Video streaming services, like Hulu and Netflix, do not want to be taxed like cable companies for using public infrastructure in Missouri.

They are not currently charged the tax but that could change depending on the outcome of a lawsuit.

In 2018, St. Louis County filed a lawsuit to try and make streaming companies pay these fees. If the court sides with St. Louis County, State Sen. Curtis Trent said his bill would be a preventative measure.

The state Senate could soon debate Senate Bill 152. The legislation would ban Missouri cities and counties from charging video streaming companies for this tax.

“If you’re a cable company, you’re digging up the street or the sidewalk to lay cable. The fee is there to restore that public infrastructure to the way it was before you laid your infrastructure,” he said. “A streaming service uses the infrastructure that is already there, so the cost of laying that infrastructure is already baked in.”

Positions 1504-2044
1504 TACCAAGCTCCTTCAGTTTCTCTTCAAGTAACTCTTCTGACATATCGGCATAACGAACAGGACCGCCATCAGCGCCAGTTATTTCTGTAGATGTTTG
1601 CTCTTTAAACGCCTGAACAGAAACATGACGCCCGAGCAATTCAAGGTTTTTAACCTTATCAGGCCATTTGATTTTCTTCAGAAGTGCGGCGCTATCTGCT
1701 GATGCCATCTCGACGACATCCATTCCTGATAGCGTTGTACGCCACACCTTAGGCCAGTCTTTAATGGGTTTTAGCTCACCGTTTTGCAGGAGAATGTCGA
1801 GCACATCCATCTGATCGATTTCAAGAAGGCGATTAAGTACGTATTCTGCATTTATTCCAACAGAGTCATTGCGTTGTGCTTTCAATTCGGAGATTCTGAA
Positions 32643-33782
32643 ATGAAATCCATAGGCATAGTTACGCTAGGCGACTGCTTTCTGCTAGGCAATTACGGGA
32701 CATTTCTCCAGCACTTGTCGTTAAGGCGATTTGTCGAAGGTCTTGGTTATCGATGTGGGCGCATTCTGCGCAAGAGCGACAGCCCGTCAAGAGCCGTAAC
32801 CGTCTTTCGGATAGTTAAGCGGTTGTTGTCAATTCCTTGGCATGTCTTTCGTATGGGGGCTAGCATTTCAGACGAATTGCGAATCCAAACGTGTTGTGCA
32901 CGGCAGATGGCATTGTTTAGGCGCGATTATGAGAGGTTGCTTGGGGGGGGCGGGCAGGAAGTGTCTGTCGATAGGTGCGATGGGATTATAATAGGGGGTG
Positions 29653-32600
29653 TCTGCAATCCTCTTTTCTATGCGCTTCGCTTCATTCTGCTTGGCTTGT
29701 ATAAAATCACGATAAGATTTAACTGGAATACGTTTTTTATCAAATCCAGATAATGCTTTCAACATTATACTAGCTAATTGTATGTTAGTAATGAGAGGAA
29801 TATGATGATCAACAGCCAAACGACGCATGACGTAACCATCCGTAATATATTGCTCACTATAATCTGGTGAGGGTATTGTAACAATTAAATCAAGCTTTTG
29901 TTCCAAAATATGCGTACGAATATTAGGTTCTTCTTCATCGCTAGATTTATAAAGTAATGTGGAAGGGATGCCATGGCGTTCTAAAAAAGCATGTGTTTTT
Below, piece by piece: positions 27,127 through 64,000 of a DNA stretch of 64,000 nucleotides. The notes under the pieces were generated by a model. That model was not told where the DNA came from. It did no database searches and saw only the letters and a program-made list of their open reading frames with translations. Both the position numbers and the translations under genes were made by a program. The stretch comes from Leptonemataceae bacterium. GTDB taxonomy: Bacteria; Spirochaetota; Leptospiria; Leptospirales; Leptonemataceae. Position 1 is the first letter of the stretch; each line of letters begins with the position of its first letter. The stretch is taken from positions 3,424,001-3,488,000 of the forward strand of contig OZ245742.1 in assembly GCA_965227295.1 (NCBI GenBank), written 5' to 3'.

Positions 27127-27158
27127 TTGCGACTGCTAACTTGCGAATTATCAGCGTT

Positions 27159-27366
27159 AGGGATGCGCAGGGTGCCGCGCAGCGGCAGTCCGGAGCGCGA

If the companies are required to pay the tax, he said users would ultimately pay the price.

“The end user pays all this,” he said. “So right now, the users are paying 5% for their cable line. Without this bill, there’s a possibility that if these court cases go through, you could pay nearly 5% for the cable in the ground, then you’d pay another 5% for Hulu, another 5% for Netflix, another 5% for Amazon, another 5% for Disney and just keep going down the line.”

A handful of cities have spoken in opposition to Trent’s bill, along with the Missouri Municipal League, who say lawmakers should wait until the lawsuit is decided.

Similar bills have been filed by other lawmakers this session.

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